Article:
The USF Contemporary Art Museum, part of the USF Institute for Research in Art in the College of The Arts, presents a new exhibition, The Neighbors: Slide Shows for America, featuring photographic slideshows by artists Widline Cadet, Guy Greenberg, Curran Hatleberg, Kathya Maria Landeros, and Zora J Murff, curated by CAMs Curator-at-Large Christian Viveros-Fauné. Amid a polarizing 2020 election season and an evolving COVID-19 pandemic, each participating camera artist has been commissioned to create a slideshow of underexposed communities in the United States. For this show, less is more: the photographic portfolios installed at the USF Contemporary Art Museum are displayed using traditional slide carousels, to evoke the intimacy of family and community slide shows of another age. Lisa J. Sutcliffe, Herzfeld Curator of Photography and Media Arts at the Milwaukee Art Museum, has contributed a curatorial essay.
The exhibition is available to view online at cam.usf.edu
. USFCAM remains closed to the public pending a broader reopening by the University of South Florida.
Widline Cadet is a Haitian-born artist based in Syracuse, New York. Her practice draws from personal history and examines race, memory, erasure, migration, immigration, and Haitian cultural identity from within the United States. She uses photography, video, and installations to construct a visual language that explores notions of visibility and hyper visibility, black feminine interiority, and selfhood.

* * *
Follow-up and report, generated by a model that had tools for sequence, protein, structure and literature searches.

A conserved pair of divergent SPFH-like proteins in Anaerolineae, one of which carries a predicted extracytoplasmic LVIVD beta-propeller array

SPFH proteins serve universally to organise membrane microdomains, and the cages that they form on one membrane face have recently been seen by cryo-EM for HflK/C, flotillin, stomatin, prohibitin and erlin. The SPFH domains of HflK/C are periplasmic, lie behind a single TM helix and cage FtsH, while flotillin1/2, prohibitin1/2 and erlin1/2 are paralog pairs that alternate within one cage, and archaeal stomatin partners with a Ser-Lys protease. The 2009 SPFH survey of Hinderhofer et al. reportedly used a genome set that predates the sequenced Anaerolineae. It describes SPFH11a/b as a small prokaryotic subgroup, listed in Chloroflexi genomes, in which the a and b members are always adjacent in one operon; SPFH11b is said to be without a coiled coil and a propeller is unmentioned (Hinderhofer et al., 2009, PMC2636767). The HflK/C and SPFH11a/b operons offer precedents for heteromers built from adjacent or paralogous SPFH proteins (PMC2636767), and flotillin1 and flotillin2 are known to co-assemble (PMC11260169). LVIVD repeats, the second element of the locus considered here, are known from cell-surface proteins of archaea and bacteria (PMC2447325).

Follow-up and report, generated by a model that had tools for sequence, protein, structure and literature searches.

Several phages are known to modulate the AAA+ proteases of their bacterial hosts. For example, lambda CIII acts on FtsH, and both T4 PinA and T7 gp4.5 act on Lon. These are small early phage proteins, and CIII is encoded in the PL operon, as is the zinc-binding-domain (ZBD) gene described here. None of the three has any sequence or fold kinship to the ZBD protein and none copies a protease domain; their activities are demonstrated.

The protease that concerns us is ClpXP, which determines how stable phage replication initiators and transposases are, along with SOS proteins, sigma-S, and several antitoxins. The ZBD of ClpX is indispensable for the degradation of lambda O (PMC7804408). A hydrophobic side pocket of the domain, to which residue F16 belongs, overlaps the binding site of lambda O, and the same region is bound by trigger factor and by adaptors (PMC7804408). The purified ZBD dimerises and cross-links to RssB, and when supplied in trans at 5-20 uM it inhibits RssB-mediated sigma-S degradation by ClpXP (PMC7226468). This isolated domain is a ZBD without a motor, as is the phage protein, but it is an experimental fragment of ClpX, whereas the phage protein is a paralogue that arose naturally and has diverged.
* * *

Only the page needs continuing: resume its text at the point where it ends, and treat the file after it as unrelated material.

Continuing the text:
Guy Greenberg is based in New York City. He spends much of his time photographing the Hasidic communities of Williamsburg and Crown Heights, Brooklyn. Through an alternating series of street photography and portraits, he works to show strong contrast in these communities as well as their resistance to assimilation and change.
Curran Hatleberg is an American photographer based in Baltimore, Maryland. Influenced by the American tradition of road photography, Hatleberg's process entails driving throughout the United States and interacting with various strangers in different locales. Some interactions last 30 minutes, others 30 days, Hatleberg says. His photographs are traces of those encounters.
Kathya Maria Landeros is a Mexican-American photographer and educator. Influenced by her bi-cultural upbringing, her work of the past decade focuses on Latinx communities and the exploration of history, migration, representation and belonging.
Zora J Murff lives and works in Fayetteville, Arkansas, where he serves as Assistant Professor of Art at the University of Arkansas. A distinguished voice in photography dealing with the complex intersections of race and American society, he has long combined his experience with social work (he worked briefly with incarcerated youth) and his art to explore the fraught connections between visibility and powerful social systems.
The Neighbors: Slide Shows for America is curated by Christian Viveros-Fauné, CAM Curator-at-Large, and is organized by the USF Contemporary Art Museum. The exhibition will open with a virtual, Zoom-based reception at 6pm on August 28, will be on view August 24 through December 5, 2020. The exhibition will be available to view online at cam.usf.edu. USFCAM remains closed to the public pending a broader reopening by the University of South Florida.